I have stand alone internet from comcast, and honestly its not that good, and I keep getting comcast calling, and harassing me at least once a week(even though I told them not to call back) to up my subscription cause for $15 more(for 6 months then $50 more for a year and a half after due to contracts) I could get cable TV I'd never watch, and 10Mbps faster download...

If more places do this like HBO I see comcast enabling the currently disabled data cap(and lowering it), and feeing people up the ass for not taking cable through them.

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Re: I believe this is a misunderstanding

No, it's skipping the lawyerese and translating it into plain ordinary English ('Merican version, not Brit). When I use to work at a screwdriver type white box IT shop we had a saying: "You can pay us a service contract over time, or you can pay us service rates on demand. Either way it works out about the same for us."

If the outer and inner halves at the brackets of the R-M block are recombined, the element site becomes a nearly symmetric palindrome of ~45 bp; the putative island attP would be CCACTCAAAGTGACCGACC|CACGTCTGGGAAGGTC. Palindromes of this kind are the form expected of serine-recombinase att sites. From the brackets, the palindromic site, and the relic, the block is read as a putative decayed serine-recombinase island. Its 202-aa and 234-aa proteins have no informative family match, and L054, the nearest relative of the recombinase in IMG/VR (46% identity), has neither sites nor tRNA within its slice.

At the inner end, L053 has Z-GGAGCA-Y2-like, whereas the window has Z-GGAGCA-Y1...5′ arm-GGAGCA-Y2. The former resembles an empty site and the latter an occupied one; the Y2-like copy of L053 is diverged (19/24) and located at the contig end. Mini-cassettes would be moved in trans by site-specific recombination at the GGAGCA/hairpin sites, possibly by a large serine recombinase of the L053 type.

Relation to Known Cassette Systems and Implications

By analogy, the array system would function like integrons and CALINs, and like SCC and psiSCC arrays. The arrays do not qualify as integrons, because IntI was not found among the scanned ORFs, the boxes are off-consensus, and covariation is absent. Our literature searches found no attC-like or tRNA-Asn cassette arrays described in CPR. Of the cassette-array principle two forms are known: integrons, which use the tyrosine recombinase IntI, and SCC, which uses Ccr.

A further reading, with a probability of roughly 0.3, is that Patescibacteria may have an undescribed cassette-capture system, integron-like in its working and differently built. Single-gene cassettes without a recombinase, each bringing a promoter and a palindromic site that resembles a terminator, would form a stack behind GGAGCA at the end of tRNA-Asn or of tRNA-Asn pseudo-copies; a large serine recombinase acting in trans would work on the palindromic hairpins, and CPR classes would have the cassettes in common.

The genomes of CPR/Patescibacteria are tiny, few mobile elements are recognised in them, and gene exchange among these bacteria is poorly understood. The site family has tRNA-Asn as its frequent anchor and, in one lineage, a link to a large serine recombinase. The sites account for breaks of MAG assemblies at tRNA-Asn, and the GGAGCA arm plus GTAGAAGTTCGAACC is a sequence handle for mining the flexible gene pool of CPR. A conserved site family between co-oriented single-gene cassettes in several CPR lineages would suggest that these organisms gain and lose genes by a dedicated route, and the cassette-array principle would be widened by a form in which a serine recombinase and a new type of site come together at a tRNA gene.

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Go

Re: Unbundling required in the US

Usually there are alternatives to comcast, specially in areas where comcast has bothered to offer a 50mbs line. I use my locally grown ISP for organic interwebs access.

  • Internet @ 100mbps: $50/mo
  • Netflix: $8/mo
  • hulu: $8/mo (seasonal)
  • Willow TV : $15/mo (seasonal)
  • + HBO: $10/mo (will probably turn off netflix)
  • Indoor antenna for over-the-air channels : $70 (1 time)

So for a similar cost, one gets a genuinely faster internet. And a much greater control on content: seasonal subscriptions + anytime watch + any device etc. I know brainiacs at comcast have tried to address the flexibility issue via xfinity, but it's not on all devices and still requires that ugly cable box in your living room, which if you are renting is $8/mo extra with a potential fine of X00.00 dollars, if "you" lose it when you end your subscription.